Dr. Reinhard Heller


Background: When he finally decided to commit to a university, Reinhard Heller chose Sociology and Psychology as his fields of studies. It was at this same time that novas began their rise to prominence, and through

Sharon Li
Background: Sharon Li was a waitress on her way home from work when she stumbled into a gang war. The two rival factions, both led by novas, were attacking each other in the street while their leaderswere brawied in the sky. One was shooting energy from his hands, trying in

Sam O'Reilly (order #3062869)

vain to hit his faster and much moreagile opponent. A loud, electric crack came from above and Li saw the smaller of the fighters catch a blast in the face and come careening down toward one of the buildings framing a basketball court. He collided with the building, sending large chunks of brick and mortar raining down to street level. The nova had crashed near where a group of children were huddled on the court. Lis head began poundingwith rage. Something snapped inside of Li, and she ran over, grabbed a hunk of brick and hurled it at the fleeing nova. It was an accurate throw. The rock collided with the back of the flying mans head. He barely acknowledged with the impact, but spun around in mid-air, incredulous that someone had assaulted him. And he found a young Asian woman standing in the center of the street, still in her white and blue waitressing uniform, holding another chunk of brick in her hand. None of the witnesses heard what was said between the two, but the intent was clear. The novas eyes glowed brightly as his face contorted in anger. He reached back and hurled a bolt of white energy at the young woman, intent on incineratingher. Li was as surprised as the nova when she caught the bolt and threw it right back at him. The energy knocked him back a few feet, but the look on his face said the act was what had done the real damage. He was beginningto chargeanother blast, when he cockedhisheadto one side, andseemed to be listeningdown the street. He lookedback at Li, sneeredand headed back to rejoin his troops. A few minutes later, sirens were heard as nova-assisted police officers respondedto the chaos. Li had remainedmotionl s all the while, glaring in the direction of the novas rees treat. She stood there until an officer asked if she was all right. The moment he touched her arm, Li collapsed and fell into a coma that lasted for three days. She was treated as an newly erupted nova, but no one was able to determine what her powers were. She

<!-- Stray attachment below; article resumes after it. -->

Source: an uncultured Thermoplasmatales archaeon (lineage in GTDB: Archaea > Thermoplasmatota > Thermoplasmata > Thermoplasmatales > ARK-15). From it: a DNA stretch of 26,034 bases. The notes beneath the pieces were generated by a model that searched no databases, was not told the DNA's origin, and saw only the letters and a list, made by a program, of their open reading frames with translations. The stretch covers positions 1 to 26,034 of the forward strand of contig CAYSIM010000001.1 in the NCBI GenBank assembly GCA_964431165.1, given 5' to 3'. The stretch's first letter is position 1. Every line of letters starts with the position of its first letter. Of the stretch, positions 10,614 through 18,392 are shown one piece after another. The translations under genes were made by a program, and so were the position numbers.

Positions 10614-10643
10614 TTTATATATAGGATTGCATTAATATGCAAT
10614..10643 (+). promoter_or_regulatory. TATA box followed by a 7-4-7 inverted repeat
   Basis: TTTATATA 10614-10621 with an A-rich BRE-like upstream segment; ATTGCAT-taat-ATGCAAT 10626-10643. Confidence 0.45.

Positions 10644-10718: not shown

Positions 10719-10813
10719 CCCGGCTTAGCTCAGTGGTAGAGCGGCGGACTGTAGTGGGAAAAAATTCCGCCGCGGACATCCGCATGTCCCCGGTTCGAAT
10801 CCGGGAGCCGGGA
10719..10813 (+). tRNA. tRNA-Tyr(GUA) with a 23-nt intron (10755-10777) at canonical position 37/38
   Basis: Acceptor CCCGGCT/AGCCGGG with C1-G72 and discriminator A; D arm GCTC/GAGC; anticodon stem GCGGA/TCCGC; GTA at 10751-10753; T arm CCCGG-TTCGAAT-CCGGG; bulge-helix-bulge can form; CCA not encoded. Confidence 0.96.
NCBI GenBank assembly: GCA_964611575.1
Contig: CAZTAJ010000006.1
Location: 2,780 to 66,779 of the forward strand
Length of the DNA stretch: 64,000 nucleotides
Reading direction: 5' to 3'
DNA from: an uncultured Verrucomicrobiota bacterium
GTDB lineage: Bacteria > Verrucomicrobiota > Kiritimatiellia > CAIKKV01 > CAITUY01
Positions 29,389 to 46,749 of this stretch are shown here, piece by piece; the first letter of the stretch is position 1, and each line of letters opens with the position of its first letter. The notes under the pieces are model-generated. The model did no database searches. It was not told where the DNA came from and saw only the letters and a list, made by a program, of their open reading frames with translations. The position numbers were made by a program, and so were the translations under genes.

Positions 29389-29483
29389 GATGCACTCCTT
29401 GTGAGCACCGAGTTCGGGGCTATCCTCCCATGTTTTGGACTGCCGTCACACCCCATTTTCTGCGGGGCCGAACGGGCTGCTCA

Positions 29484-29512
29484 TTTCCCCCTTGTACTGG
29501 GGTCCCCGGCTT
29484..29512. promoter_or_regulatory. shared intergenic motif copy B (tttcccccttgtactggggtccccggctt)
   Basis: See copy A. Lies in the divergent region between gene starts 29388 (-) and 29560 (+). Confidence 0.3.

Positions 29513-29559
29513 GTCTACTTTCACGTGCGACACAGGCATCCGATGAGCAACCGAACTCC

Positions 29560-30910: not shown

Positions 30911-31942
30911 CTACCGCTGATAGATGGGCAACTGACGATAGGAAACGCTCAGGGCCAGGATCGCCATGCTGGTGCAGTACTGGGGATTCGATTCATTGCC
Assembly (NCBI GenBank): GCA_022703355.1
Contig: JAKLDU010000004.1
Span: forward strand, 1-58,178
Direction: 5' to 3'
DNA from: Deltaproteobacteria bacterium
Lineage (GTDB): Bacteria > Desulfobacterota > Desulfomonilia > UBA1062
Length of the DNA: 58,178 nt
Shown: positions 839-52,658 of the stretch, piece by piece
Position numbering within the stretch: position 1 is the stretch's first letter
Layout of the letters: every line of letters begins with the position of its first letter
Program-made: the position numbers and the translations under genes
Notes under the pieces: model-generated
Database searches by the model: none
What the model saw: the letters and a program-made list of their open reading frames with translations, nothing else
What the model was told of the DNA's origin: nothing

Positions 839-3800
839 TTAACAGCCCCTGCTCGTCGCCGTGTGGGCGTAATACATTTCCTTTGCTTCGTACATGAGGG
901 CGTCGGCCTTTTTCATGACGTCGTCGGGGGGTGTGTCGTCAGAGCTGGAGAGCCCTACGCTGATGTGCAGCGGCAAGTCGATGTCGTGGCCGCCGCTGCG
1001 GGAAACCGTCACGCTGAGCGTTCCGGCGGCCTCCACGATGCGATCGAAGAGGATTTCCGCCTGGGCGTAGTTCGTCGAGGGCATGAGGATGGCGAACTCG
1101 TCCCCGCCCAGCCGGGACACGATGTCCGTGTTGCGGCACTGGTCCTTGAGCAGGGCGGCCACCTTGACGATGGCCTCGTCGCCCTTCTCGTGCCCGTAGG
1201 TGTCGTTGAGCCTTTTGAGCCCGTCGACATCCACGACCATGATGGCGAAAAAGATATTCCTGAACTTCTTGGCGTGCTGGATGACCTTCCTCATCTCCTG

didnt manifest any nova abilities during the rest of her stay in the hospital or over the next few weeks a t home. She returned to work, and dealt with her brushwith fame, as The woman who told El Tenedor No More! But her fame passed, and her life continued as always until Dr. Heller showed up a t her door. Dr. Reinhard Heller told her that she had actually become a nova, one that could duplicate the powers of others. The only powers that she had were the ones of novas around her. Li was doubtful, but liked the doctor and agreed to travel with him to help with his research. Just as in the street, when Li came in close proximity to another nova, she gained his powers. It was then that Li quit her job and joined the Directive - though as Dr. Hellers assistant, not as a nova operative. Image: Sharon Li was a very attractive woman even before the eruption. The quantum energies in her body have only made her more so.But she is only now learning to use her appearance to her advantage, either dressing up or down depending on the situation. The only major caveat being that she not appear as a nova. Her true nature is concealed from the majority of people, and her appearance reflects her supposedly mundaneself. Li is in her late 20s and has long dark hair and light brown skin. When not in costume, she prefers baggy clothes that dont restrict her movement. When she is on the job, she can range from dynamic to dull or anything in between. Roleplaying Notes: You travel with both Dr. Heller and Dr. Torbuld on their trips to meet and interview novas. Through their experiments, you have gained a better understanding of your own powersandexperienceda wide variety of the powers and abilities exhibited by others. On occasion, you have worked as an operative on covert teams whose objectives are to discover and catalogue the unknown abilities of a number of novas, but for the most part, you work with the two doctors detailing to them what you can about the novas you meet. Gear: Notepad, pen, cell phone Nature: Follower Allegiance: Directive Attributes: Strength 2, Dexterity 4, Stamina 4, Perception 5, Intelligence 3, Wits 4, Appearance 4, Manipulation 3, Charisma 3 Abilities: Academics 3, Analysis 1, Arts 3, Athletics 2, Awareness 4, Biz 2, Brawl 2, Bureaucracy 2, Command 2, Computer 2, Drive 2, Endurance3, Etiquette 2, Firearms 2, Intimidation 1, lntrusion 1, lnvestigation 3, Linguistics 2 (English, Chinese, German), Martial Arts 2, Medicine 2, Perform 2, Rapport 3, Resistance 2, Science 2, Stealth 2, Streetwise 2, Style 3, Subterfuge 2, Survival 2, Tradecraft 2 Backgrounds: Allies 3, Attunement 2, Backing 4, Cipher 2, Contacts 3, Dormancy4, Equipment 1, Favors1, lnfluence 1, Mentor 3, Node 2 Rank 2 Resources 2 , , Quantum 4, Quantum Pool 28, Willpower 6,Taint 2 Powers: Quantum Leech